Great athletes put in many hours of practice and it’s no different for drummers. It’s important not to think of drumming practice as a chore, but a way of life. For me, it’s a part of my job. The Drumming System (affiliate link) has an entire DVD dedicated to this subject. Learn & Master Drums (affiliate link) teaches you new habits to develop as you progress. I highly recommend both of these courses to you regardless of your skill level.
Here are two questions to ask yourself:
- What do you want to improve in your drumming?
- How much time do you have to work on your drumming?
It’s important to prioritize what you want to get better at.
- Don’t play when your practice and don’t practice when you play. Avoid just playing around when you sit down alone at your drums. Have an organized schedule. If you’re on stage or in a recording studio, don’t start working on stuff you should have been doing at home. Practicing is a solo art.
- Stretch before anything else. Remember that drumming is also a form of exercise. A great book to check out is Stretching (affiliate link) by Bob Anderson.
- Drum in front of mirror. This way you can see your posture, form, technique and how relaxed you are. Sometimes I even put one to the side of me.
- Record yourself on video and watch it back. Write down what you observe and what needs to be improved.
- Stay focused on what you are working on. It’s really easy to let your mind wander. If something isn’t coming to you, put it away and come back to it a few days later.
There is no need to get frustrated if something isn’t coming together or sounding right.
- Work through new material slowly. Be sure to always use a metronome. Most drummers agree that 50 to 60 beats per minute is a good tempo to work on new material at.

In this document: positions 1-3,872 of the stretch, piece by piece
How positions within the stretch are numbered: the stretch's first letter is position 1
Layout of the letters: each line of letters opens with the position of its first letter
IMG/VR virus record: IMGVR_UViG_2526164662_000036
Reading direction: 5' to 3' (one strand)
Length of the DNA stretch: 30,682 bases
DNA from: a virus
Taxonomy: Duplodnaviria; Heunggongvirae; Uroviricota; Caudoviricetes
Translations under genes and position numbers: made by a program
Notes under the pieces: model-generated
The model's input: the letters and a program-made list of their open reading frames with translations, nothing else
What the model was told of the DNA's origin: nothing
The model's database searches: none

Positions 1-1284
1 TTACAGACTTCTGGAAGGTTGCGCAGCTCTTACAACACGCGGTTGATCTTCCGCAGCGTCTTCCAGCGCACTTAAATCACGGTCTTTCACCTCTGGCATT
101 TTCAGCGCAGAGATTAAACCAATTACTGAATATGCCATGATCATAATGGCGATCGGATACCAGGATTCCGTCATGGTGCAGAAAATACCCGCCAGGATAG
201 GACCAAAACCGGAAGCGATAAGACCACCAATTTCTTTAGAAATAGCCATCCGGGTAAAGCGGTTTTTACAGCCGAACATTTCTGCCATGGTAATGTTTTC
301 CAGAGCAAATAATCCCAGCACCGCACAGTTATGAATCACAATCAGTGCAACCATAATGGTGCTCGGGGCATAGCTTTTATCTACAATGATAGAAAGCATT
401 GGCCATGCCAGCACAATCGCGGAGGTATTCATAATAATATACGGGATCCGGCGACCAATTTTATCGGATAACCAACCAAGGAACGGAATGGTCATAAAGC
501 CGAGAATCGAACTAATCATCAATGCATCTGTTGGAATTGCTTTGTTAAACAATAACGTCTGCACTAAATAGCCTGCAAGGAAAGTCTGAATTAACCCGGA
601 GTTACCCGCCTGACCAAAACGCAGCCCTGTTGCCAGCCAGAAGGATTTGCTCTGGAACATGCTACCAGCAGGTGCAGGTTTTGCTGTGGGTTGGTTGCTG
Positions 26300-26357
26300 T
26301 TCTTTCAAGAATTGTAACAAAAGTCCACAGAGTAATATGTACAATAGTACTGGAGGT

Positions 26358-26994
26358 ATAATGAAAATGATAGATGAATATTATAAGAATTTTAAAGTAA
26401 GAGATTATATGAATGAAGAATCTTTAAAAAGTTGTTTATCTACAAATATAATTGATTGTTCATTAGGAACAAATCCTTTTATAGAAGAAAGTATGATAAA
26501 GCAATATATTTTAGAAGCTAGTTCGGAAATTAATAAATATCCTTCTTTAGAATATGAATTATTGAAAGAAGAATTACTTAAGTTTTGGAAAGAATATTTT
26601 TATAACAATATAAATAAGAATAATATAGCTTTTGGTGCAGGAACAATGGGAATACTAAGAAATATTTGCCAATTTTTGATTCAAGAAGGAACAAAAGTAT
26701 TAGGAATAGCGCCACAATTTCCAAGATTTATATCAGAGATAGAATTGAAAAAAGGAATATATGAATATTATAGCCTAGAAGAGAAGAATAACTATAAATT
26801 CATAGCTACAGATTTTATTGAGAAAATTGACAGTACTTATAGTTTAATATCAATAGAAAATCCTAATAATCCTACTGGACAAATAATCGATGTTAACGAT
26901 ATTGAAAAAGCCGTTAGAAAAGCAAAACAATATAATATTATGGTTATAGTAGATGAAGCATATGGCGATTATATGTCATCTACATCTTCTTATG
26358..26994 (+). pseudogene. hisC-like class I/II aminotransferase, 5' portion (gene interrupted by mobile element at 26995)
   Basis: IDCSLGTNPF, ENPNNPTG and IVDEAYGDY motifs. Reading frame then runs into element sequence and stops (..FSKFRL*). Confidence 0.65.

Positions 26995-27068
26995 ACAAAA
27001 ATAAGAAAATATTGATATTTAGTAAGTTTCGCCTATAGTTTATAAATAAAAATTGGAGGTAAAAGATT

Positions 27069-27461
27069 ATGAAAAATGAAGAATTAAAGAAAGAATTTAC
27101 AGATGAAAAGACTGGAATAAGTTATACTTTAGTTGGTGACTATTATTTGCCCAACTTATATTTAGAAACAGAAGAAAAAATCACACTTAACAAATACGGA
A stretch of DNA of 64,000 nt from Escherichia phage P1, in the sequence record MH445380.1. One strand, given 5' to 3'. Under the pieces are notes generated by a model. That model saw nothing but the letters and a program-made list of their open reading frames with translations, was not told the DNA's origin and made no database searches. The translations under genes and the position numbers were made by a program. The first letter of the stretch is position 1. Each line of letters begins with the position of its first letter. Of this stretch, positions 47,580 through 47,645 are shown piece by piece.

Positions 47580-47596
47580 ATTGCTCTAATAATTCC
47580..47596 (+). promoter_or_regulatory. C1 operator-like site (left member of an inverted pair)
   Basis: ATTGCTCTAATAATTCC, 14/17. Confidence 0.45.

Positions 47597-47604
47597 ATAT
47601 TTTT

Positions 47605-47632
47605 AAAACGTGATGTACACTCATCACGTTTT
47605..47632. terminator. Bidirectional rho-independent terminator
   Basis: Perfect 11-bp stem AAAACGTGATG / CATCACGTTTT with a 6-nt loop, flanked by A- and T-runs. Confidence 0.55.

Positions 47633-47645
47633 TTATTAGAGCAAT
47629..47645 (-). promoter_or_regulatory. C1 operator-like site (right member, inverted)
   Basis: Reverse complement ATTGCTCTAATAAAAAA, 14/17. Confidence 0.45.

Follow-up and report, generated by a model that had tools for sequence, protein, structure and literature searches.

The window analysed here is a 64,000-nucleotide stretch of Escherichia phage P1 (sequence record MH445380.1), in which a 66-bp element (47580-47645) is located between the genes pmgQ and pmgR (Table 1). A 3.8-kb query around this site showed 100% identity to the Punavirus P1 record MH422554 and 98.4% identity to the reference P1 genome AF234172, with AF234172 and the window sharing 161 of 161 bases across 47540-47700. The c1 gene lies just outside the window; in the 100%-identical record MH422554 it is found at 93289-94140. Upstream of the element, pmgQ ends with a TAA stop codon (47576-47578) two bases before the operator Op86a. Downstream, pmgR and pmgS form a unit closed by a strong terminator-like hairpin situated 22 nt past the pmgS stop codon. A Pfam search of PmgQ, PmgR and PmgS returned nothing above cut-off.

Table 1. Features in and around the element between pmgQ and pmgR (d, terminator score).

- Write down the tempo you perform an exercise or piece of music at. This way, you know exactly where you should be when you come back to it.
- Review old material regularly.
- Start and end your practice sessions on a positive note.
- Use checklists. I have heard it said many times that excellence is in the details. To keep track of details, use checklists to make sure you are focusing on everything.
Practicing for Young Musicians: You Are Your Own Teacher (affiliate link) has some great checklists at the end of the book. (Don’t be fooled by the title. It’s for musicians of all ages)
- If you feel pain, STOP!
- If you really aren’t in the mood to practice, don’t.
The Casual Schedule
The Drum Practice Routine Generator (see below) recommends doing 20 minutes a day. Pick 1 topic from each category per day. You can go down the list or randomly choose one. Over time, you’ll cover every aspect of drumming and it won’t take up a lot of your free time.
The Motivated Schedule
The Drum Practice Routine Generator (see below) recommends doing 40 minutes per day. This for someone who has a little more time to spend on the drums. Pick 2 topics in one category and spend twenty minutes on each one. Do the same thing with the next category on the following day. You can also mix it up. You’ll be surprised how quickly 40 minutes goes by.
The Dedicated Schedule
The Drum Practice Routine Generator (see below) recommends 60 minutes per day. This is great for someone who really wants to get good at that drums. Maybe its not for you. It’s good to practice 1 topic from each category for 20 minutes each. This will create an incredibly balanced practice routine. Obviously, you can spend as more time on this if you want to.
Regardless of which schedule you choose, don’t stick to one topic. Be sure to cover every topic in every category. You will notice that certain things get easier with time while other things don’t. This is totally normal.
We need motivation for everything in life. This shouldn’t be a chore.
You shouldn’t have to force yourself to work on your drumming.
Here are some tips to keep you motivated:
- Listen to your favorite music and new music. I really enjoy going on Pandora and listening to new music that is similar to music I already like.
- Recognize results through watching yourself on video on a regular basis. Notice what’s faster, more fluid, and more musical. Once you see results, you’ll want to practice more.
- Go to a live concert, especially one performed by your favorite band or favorite drummer.
- Hang out with inspiring musicians.
- Jam with other drummers. This is fun! It works best if you are in a room with 2 drum sets.
- Take a DVD drum set course. Be sure to check out the Drumming System (affiliate link) and
Learn & Master Drums (affiliate link).
- Go to drum festivals and drum clinics.
Remember, we get to hit stuff, so always have fun.
What Tips Do You Have?
(please answer below)